I have always been a proponent of a technology integrated classroom. Lets face it, at this day in age, all good instruction is technology based instruction (and I do include rulers and pencils as technology tools). Without technology as the root of instruction and education, we are dooming our students to stagnation. If on the other hand, we think about technology as a crucial infrastructure to support learning (like classroom management, and lesson planning) then we can support students as they begin to experiment and integrate with technology at a new and higher level. Since technology, is the underpinning of the entire system, a classroom that is not designed to allow students to experiment and use technology will never reach my ideal of a design thinking classroom. Unfortunately, this criteria of allowing students to experiment removes most classrooms from the realm of Design Thinking Environments. I am sure that most people remember a computer technology course, something akin to “Microsoft PowerPoint 1o1.” That they either taught or participated in. That course has a distinct set of criteria: students at computers, students using one program at a time, students learning everything there is to know about that application. This system produced a set of technologists who understood how to use a program, but not how it worked and why we wanted it to work.
In technology we can no longer spend our time “Filling” and we need to spend our time “Expanding.” Imagine that same classroom with a new title “Public Speaking” where students are asked to develop skills using any technology at their disposal to produce presentations. This new classroom is expansive, it allows for experimentation, and it is a design based class.
Content and Education
Since, I have designed the lab to fully integrate technology into the lives of students, I made sure that each student would be able to create anything they want within the lab. This freedom to experiment must be something that we work with in all aspects of education. Even thinking about the policies that I put in place and help mold at the district level, nowhere are students given the freedom to choose their own technology adventure. As a consequence of that lack of freedom, we have an impulse driven generation who finds it increasingly difficult to self regulate. This past week, I asked a 12yr old student if they wanted more freedom to explore the internet and learn he responded by saying, “I actually think the opposite that students need less free time so that they cannot be off-task.”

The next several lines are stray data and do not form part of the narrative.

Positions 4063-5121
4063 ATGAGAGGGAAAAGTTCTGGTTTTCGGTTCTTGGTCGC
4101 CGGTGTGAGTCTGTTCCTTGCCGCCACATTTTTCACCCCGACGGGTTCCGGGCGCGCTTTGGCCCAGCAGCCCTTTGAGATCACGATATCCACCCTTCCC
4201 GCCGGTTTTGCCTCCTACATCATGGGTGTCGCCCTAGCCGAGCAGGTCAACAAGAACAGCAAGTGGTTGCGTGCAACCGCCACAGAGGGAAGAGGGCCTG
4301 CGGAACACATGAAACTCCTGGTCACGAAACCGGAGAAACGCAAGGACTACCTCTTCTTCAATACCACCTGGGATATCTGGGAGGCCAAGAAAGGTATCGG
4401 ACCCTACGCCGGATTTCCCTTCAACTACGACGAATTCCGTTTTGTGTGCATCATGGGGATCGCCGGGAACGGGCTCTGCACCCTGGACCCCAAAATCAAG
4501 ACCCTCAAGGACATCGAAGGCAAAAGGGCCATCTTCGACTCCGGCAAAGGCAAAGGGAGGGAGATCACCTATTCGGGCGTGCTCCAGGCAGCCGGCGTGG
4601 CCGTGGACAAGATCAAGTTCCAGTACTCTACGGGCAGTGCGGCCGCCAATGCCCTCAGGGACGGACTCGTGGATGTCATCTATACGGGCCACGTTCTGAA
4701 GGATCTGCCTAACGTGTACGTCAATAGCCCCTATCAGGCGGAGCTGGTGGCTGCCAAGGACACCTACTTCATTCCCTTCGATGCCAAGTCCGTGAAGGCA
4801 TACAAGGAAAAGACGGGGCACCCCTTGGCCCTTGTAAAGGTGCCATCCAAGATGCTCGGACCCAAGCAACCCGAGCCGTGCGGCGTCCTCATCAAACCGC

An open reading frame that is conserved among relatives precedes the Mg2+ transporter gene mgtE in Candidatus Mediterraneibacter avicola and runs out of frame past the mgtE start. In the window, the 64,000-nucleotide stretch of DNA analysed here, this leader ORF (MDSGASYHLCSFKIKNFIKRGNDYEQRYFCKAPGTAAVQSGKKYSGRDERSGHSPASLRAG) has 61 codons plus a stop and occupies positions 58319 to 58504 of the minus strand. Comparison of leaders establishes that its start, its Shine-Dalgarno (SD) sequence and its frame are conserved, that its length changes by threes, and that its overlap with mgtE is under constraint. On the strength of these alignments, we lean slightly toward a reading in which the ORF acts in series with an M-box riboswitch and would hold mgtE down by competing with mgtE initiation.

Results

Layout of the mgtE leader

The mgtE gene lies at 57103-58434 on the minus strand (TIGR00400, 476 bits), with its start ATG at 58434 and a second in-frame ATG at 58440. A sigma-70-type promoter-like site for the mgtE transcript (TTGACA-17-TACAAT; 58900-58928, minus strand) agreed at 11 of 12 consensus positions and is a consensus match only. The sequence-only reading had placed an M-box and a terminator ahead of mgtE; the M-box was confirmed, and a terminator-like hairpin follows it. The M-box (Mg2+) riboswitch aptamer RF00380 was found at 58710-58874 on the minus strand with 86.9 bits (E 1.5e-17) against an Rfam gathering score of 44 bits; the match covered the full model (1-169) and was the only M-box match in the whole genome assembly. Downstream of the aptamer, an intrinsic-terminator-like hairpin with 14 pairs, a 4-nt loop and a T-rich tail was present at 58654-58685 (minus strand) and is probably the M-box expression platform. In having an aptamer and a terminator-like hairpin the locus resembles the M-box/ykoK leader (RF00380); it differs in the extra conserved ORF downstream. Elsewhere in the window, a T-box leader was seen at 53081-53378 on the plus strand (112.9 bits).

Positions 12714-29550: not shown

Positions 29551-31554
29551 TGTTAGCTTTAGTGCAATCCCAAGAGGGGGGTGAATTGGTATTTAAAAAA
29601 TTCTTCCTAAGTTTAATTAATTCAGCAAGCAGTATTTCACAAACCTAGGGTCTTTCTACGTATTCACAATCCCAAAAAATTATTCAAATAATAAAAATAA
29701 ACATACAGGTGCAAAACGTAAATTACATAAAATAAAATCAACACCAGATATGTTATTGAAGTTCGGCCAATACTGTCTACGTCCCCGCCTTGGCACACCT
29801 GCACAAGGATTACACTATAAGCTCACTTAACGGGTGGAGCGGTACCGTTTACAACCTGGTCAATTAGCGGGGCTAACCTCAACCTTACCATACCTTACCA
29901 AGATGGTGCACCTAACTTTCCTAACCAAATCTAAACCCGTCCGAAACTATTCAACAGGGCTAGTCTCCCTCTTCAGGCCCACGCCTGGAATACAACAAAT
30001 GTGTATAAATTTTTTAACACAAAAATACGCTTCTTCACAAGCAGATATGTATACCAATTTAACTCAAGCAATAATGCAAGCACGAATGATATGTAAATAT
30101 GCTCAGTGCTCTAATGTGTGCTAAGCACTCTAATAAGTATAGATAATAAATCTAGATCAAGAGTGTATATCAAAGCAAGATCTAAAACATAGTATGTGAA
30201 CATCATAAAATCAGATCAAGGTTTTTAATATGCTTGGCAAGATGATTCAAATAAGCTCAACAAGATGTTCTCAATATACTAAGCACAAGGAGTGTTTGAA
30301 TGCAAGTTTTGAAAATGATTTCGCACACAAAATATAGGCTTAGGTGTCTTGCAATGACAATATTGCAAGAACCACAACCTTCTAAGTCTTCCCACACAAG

Where did we go wrong? Why does this student fear the internet and freedom to make his own decisions? I believe that the fear of the internet is the same as fear of the outdoors. We have been drilling it into students that the internet is full of predators, dangers, and addiction. Is it possible that we are putting a fear in children that is the same fear about climate change? (this question is from discussions with the Boulder Sustainability Office and Dr. Susie Strife in particular who studied children’s reactions to environmental problems for her PhD)
What we need to do is stop all of the fear-mongering about the internet! Yes their are predators on the internet and yes, you could be targeted by them, but with the majority of the developed world on the web the danger is roughly equivalent to going to a mixer at the local hang out. For us to teach experimentation and design, it is important that all technology instruction should follow the TPACK model (which has reached wide-spread acceptance among educational administrators) of ensuring that students get quality technology, pedagogy, and content. What becomes a challenge is developing a stand alone environment that has both good pedagogy and content without an educator in the room. So how do we do that?
Well, to be honest, it is not easy. I am pulling from my own design experience as well as resources from Montessori, Creative Learning Systems, and other architectural designs. What ended up happening in my search for design based classrooms was that I would constantly find the resources developed by the “Maker” movement. One of the most influential documents in creating our model of a Design Lab was the MakerSpaces Playbook produced by Maker Zine. The inherent characteristic of the Maker Movement is the open source nature of every project. Within the playbook, you can find everything that you would need to get started with a MakerSpace. For us, the best resources were in the resource checklists and the easy shopping to be had on Make:.
What about Curriculum?
A fine question… one that I will be exploring over the coming weeks as we make further progress into the future of the Design Lab.